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Originally published Sunday, May 2, 2010 at 4:00 PM

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Reassert FCC bans on media monopoly

The Obama administration and the Federal Communications Commission have an opportunity to clarify and reinforce the rules and values of a ban on media monopoly.

AMERICA is best served by diverse, independent media, and that goal is nurtured by equally diverse ownership.

Unfortunately, decades of timid leadership at the Federal Communications Commission has produced policies that serve big corporations to the detriment of the public.

The Obama administration and the FCC have an opportunity to reinforce limits on newspapers monopolizing TV and radio outlets in the same market, and the number of television and radio stations one company can own in the same market.

The FCC has muddled the issue since a ban was first imposed in 1974. Exemptions and extensions of exemptions have riddled the intent of the rules. This spring a federal court lifted the FCC's ban on cross-ownership, and the exasperated court directed the agency to rewrite the rules.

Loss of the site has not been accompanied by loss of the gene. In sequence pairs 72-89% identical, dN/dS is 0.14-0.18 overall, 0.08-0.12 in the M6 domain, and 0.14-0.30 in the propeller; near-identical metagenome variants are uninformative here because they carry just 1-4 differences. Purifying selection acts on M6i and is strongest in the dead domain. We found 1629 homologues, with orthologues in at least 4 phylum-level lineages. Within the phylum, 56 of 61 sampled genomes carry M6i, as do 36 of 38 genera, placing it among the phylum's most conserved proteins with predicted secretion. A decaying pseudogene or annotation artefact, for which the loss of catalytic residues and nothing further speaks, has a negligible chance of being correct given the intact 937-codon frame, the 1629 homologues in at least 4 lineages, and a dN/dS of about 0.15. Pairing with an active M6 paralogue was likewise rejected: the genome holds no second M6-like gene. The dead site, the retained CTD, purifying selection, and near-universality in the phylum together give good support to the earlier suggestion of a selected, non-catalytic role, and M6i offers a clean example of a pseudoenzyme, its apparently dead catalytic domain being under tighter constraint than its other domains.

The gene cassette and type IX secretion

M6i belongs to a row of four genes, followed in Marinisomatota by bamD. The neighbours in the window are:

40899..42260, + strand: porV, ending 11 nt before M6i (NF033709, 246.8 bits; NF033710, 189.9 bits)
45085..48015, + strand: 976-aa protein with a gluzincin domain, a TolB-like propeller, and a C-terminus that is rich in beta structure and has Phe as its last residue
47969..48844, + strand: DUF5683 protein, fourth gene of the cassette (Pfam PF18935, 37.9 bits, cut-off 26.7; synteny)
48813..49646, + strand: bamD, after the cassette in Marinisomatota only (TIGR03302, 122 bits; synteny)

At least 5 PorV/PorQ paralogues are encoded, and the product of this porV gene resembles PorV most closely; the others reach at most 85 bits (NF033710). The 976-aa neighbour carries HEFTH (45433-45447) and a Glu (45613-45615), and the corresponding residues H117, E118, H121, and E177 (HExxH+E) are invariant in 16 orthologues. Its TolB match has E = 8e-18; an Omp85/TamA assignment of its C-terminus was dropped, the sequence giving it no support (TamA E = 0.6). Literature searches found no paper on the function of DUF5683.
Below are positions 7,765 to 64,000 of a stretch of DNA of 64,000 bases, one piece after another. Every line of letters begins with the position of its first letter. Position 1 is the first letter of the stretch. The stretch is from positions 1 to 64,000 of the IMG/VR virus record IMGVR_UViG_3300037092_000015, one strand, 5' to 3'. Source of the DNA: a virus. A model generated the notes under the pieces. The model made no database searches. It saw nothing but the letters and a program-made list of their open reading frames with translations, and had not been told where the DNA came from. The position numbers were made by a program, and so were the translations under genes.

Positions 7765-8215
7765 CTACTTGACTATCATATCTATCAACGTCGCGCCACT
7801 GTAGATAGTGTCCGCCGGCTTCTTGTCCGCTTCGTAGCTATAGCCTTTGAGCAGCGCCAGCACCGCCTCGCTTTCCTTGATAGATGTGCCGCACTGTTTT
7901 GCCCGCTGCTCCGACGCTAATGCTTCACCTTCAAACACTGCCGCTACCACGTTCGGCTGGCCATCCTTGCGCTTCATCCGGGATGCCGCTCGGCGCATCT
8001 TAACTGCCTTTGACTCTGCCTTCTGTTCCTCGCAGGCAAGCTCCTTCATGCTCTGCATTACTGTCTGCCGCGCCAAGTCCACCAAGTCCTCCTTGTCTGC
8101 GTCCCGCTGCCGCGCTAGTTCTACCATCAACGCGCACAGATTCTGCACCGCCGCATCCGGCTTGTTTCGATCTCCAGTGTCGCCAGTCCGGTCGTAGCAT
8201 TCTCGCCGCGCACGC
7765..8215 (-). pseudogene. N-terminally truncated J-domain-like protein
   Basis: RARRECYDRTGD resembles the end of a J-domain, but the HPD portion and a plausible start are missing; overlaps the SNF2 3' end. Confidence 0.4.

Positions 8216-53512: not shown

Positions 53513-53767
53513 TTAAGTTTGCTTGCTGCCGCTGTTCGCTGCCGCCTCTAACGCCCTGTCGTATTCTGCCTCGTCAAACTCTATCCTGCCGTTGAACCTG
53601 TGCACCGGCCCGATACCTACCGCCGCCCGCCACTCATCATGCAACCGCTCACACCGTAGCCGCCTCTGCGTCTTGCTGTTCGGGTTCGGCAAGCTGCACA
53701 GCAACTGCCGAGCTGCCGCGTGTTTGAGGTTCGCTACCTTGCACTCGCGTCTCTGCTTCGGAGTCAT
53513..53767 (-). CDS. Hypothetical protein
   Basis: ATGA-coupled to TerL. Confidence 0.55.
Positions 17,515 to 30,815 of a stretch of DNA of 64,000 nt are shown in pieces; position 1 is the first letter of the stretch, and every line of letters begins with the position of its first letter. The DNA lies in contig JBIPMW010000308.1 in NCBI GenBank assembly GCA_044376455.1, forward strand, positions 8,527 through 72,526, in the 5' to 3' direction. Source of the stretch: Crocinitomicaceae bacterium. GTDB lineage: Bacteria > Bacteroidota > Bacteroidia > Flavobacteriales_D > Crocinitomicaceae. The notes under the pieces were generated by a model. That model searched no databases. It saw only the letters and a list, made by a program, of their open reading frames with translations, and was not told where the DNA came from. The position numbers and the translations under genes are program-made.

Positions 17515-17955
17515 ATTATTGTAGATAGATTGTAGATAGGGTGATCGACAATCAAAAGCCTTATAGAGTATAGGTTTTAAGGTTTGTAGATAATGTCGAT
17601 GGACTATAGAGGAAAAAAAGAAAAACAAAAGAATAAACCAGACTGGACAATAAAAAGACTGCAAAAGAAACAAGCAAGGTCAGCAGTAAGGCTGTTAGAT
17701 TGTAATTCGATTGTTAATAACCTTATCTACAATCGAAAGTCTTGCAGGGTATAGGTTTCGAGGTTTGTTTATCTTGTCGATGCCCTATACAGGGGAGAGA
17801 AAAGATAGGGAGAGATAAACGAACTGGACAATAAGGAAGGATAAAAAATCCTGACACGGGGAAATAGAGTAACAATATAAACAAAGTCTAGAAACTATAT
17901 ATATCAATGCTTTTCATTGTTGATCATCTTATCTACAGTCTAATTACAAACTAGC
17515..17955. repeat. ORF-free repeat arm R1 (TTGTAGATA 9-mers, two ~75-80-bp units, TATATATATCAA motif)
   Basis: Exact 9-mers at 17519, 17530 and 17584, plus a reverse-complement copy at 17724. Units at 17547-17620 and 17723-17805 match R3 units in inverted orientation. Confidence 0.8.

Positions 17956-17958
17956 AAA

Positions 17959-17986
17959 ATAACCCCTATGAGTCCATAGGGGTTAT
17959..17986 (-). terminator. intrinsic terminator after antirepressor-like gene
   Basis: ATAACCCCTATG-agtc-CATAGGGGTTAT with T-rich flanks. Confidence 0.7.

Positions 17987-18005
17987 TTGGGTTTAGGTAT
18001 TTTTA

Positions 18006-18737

Last week, the stage was set for remedial action. The Tribune Co., parent company of the Chicago Tribune, Los Angeles Times, Orlando Sentinel and many more and corporate owner of a radio station and 23 television stations in 19 markets, announced plans to seek FCC endorsement of the status quo as it emerges from bankruptcy.

A media blog announcing the news quoted senior Tribune management as seeing the FCC step as necessary to ensure an orderly transfer of licenses to a new management structure.

The words are dismaying. Businesses get reorganized, but not the consequences.

Media consolidation puts what Americans read, hear and see into the hands of a couple of bottom-line-driven corporations, which is not a viable structure for a healthy democracy.

President Obama and FCC chair Julius Genachowski have the Tribune application and the opportunity of congressionally mandated four-year reviews of cross-ownership rules to eliminate decades of ambiguity over a fundamental value.

Restate, reinforce and exercise limits on newspaper and TV ownership in the same markets. Do not allow corporate giants to gobble up all the TV and radio stations in a market.

Endlessly granting waivers does not reclaim the independence of American journalism.

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